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Applying to law school, just like applying for any other graduate program, is a flurry of activity on your part. You'll find yourself completing the application, supplying transcripts, personal statements, letters of recommendation, and taking the LSAT scores. Likely you'll apply to several law programs, and it may help you to apply early for your most desired schools, so that you can continue to apply to schools if you are not accepted. Getting accepted into a law school, however, can be different than for other graduate programs.

LSAT and UGPA

Unlike many other graduate programs, it is quite possible that your fate at a particular school will be decided by only two parts of your application. Those two parts are your LSAT scores and your UGPA.

The LSAT is a standardized test that almost every law school requires for admission. It is highly recommended that you spend some time preparing for the LSAT test. You may want to enroll in a prep course or take practice tests. Your score can be a very important determining factor for being accepted in to your preferred law school. The more you prepare, the less you leave to chance.

UGPA is a fancy acronym for your "Undergraduate Grade Point Average." Often, during the initial screening of applicants, these two items are combined to give an index score, and candidates with certain index scores are granted admission to the school. Many times, however, there are not enough students who meet the index score requirements to fill all of the slots available for new students.

It is at this point that other information provided in the application and your personal circumstances are examined. This can be looking through your personal statement, letters of recommendation as well as other items that were included on your application.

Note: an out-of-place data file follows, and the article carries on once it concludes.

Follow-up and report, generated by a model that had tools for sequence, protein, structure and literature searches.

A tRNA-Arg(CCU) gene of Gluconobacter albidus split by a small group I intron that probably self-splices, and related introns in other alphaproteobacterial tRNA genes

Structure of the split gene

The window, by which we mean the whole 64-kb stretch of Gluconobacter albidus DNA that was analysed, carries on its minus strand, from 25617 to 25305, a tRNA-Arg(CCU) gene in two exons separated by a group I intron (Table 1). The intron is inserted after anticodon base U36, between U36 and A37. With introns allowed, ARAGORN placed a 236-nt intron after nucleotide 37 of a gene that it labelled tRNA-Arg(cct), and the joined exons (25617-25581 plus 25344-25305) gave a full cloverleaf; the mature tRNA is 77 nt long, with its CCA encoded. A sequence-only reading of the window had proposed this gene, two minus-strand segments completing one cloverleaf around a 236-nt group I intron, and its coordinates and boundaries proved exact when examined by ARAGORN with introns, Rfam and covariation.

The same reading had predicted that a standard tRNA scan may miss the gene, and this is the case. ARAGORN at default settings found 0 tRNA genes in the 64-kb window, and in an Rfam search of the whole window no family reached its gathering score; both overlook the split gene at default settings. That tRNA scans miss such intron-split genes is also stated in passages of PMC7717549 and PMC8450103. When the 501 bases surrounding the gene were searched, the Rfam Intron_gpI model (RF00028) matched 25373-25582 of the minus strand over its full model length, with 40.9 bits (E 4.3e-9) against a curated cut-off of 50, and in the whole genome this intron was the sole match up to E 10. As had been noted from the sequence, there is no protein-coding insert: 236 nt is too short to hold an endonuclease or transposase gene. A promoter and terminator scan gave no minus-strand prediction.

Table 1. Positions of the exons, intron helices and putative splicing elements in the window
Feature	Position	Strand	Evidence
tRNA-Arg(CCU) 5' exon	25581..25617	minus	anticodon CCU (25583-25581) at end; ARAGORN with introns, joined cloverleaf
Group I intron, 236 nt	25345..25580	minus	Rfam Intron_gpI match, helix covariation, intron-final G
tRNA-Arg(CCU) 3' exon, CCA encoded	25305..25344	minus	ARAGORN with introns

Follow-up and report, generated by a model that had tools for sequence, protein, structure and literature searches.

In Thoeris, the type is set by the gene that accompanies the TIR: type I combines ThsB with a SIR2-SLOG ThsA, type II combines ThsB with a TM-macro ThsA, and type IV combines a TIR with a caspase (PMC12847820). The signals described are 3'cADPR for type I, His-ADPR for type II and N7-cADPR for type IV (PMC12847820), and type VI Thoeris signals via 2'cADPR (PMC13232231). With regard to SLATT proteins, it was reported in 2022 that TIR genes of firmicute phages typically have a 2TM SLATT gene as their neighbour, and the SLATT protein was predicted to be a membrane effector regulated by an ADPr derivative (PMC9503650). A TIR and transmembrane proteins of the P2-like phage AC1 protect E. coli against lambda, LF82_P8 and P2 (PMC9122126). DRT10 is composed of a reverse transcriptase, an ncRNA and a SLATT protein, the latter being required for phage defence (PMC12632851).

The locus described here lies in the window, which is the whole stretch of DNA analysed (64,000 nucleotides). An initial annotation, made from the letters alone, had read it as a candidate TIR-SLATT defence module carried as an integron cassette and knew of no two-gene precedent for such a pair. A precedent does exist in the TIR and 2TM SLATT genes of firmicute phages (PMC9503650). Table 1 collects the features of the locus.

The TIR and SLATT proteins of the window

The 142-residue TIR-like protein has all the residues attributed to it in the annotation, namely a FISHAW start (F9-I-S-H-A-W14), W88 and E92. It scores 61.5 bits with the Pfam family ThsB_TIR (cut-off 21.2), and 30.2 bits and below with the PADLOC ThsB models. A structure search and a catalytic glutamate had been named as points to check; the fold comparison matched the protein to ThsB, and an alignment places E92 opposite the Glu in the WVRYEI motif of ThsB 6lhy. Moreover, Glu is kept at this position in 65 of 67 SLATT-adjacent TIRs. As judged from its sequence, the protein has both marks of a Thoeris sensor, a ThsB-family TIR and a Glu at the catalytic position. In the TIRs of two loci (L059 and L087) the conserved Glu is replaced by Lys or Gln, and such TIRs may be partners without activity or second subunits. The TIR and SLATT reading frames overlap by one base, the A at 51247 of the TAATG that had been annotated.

Personal Statement and Letters of Recommendation

If you weren't one of the first-choice candidates whose index score fell within the desired range, then your personal statement and letters of recommendation could very well be the deciding factor on admission into the school. Because of this, it is important to give a lot of thought into your personal statement and who you have write letters of recommendation for you.

Your personal statement can provide subjective information about you that is not easy to glean from your application. It provides context for all of the numbers, grades and scores that make up your academic record and admissions tests. A well-written personal statement can shed light on your reasons for wanting to attend law school, what you plan to do with your degree, and how it is you came to this particular path.

Letters of recommendation, much like the personal statement, can also tell a school more about you. Some thought should be given regarding who you'd like to ask to provide a letter of recommendation. It helps to have letters from people who can vouch for your academic rigor and drive, tell the school about your work ethic or your volunteer activities.

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